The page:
I think I fell especially hard for “Ulysses” because I was falling for a classmate at the same time. She’d read the book the year before in another class and helped guide my first reading in turn. The copy I still use when I teach is full of our marginal whispers to each other. “Ulysses” was the note we passed during class back in 1989.
Why do you think the book is so fascinating?
Because it’s not just one book. “Ulysses” is so multilayered and many-sided that it turns different facets of itself toward you depending on your preoccupations, your life-stage, your historical moment. There’s the side of it you see when you’re a thwarted 20-something with daddy issues. There’s the version of it you read when you’re grieving for a parent, or for a child. There are whole regions of “Ulysses” that open up when you become aware of the present’s haunting by history. There are voices in the book that respond to your thinking about sexuality and gender fluidity and about what it means to entangle your life intimately with another person. And there are many layers that speak to the experience of people living in various states of unfreedom.
There’s always a new door opening itself in Joyce’s novel. Every time I try to turn my back on it and walk away, I hear that click of invitation and find myself returning.
Have you worked with the original manuscript at the Rosenbach?
Not being a genetic critic—that is, someone who studies the compositional process using pre-publication notes and drafts—I haven’t worked on it as a scholar. But when I teach the monthly “Ulysses” class at the Rosenbach we always spend part of a session looking at the manuscript. Most of the Rosenbach manuscript is pretty clean; Joyce had done the messy first drafting and early revising on other pieces of paper and collated that work in the notebooks Dr. Rosenbach later purchased at auction. But here and there you can see him making changes, and even the small ones can be breathtaking.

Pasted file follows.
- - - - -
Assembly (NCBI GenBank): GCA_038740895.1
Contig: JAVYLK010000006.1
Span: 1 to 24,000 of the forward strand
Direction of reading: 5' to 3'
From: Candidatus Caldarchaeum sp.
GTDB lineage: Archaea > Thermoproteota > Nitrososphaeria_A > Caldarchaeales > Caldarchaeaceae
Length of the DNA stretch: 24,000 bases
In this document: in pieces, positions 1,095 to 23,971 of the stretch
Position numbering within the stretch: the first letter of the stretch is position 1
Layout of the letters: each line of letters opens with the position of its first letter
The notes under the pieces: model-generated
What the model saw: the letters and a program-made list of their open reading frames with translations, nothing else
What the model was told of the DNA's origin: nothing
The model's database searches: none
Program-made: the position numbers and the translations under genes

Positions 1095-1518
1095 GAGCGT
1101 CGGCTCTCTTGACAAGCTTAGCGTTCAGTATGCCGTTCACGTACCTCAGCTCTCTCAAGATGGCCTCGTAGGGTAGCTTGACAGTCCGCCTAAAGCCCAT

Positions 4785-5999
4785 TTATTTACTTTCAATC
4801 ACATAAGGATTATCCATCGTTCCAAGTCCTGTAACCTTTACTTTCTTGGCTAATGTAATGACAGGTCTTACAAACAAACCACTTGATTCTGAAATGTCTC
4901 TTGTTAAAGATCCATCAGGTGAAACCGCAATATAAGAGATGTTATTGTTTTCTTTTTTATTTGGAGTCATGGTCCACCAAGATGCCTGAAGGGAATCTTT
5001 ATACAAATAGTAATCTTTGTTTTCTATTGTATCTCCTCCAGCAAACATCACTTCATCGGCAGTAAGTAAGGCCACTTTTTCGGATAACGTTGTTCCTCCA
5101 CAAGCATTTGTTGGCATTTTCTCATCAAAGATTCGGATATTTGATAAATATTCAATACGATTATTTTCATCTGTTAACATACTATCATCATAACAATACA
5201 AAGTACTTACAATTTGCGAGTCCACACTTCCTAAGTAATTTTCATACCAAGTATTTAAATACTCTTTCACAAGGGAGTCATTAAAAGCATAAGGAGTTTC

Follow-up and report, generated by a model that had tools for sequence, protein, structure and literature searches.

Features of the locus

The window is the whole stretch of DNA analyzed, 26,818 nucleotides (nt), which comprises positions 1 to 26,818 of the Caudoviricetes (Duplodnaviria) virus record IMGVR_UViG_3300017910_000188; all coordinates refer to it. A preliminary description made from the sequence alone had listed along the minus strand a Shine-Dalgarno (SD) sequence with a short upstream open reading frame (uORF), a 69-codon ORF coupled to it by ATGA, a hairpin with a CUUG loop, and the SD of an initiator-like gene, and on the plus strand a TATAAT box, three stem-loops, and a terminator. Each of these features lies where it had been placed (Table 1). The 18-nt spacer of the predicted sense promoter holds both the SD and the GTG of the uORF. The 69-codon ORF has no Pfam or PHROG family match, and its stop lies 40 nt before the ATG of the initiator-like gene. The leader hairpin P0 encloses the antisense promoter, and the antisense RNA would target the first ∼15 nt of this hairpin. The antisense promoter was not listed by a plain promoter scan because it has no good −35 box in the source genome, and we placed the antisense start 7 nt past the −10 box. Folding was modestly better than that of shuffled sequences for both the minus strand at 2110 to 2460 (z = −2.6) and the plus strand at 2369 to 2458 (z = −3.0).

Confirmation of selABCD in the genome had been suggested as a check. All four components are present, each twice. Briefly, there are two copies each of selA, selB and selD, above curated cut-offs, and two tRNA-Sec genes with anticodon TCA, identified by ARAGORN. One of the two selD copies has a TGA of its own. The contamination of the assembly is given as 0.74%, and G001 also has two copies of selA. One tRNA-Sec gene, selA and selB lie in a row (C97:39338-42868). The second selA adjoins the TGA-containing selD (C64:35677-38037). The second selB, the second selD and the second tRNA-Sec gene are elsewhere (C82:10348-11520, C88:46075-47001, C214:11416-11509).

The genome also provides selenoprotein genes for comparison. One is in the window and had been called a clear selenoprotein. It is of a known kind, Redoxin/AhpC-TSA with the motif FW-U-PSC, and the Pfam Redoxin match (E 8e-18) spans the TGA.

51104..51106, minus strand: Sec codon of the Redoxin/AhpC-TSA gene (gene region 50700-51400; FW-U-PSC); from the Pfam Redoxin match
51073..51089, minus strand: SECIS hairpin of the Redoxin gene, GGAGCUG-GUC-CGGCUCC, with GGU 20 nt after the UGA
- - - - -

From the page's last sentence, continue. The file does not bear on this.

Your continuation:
To give you an example, one of the book’s most celebrated phrases occurs in “Ithaca,” the penultimate episode, where Leopold Bloom and Stephen Dedalus go out into Bloom’s backyard in the wee hours of the morning to urinate. It’s famous because most of the episode is written in cold, technical language but with occasional bursts of lyricism, of which this is the crowning example. Looking up at the night sky, here’s what the two men behold:
The heaventree of stars hung with humid nightblue fruit.
Gorgeous, right? The way it reimagines the empty space between the stars as fruit with moisture, fullness, weight, and hue. But in the Rosenbach manuscript, Joyce has written:
The heaventree of the stars hung with humid nightblue fruit.
And then he decides to cross out that second “the.” It’s a difference of a weak three-letter word, a single definite article. Yet the elimination of that one word totally changes the pulse and sonics of the phrase. It also makes absolutely clear that “heaventree” is not a possession of “the stars” but the metaphoric vehicle to which “stars” is the tenor, as in “ship of state.”
To see this famous phrase getting tinkered with and finally snapping into the shape we recognize is inspiring, for two reasons, I think. First, it reminds you that literary monuments don’t just drop to earth fully formed; they’re actually the result of labor over time and of a million decisions revoked or confirmed. Second, because every work of literature is a snowball of little contingencies, it could have been different, in part or in whole. If the works of art we celebrate could have been different, the world could be different as well. So when you see the world being changed, even incrementally, by a decision to make a mark on paper, you’re invited to intervene in your own world. It makes you think that you can do this, too.
What passage do you read during Bloomsday?
For several years running I’ve read a passage from an episode called “Circe,” a kind of witches’ Sabbath and one of the book’s climaxes. It’s set in a brothel in Dublin’s red-light district. As you’d expect of an episode named after a sorceress, it’s full of magic and hallucination; lots of the characters, objects, and language we encounter in earlier chapters in the book reappear in a crazily amplified, carnivalesque way. It’s written in the form of a play, complete with unrealizable stage directions like “The midnight sun is darkened. The earth trembles. The dead of Dublin... arise and appear to many.” If you have a flare for the dramatic, “Circe” is irresistible. It lets you go big.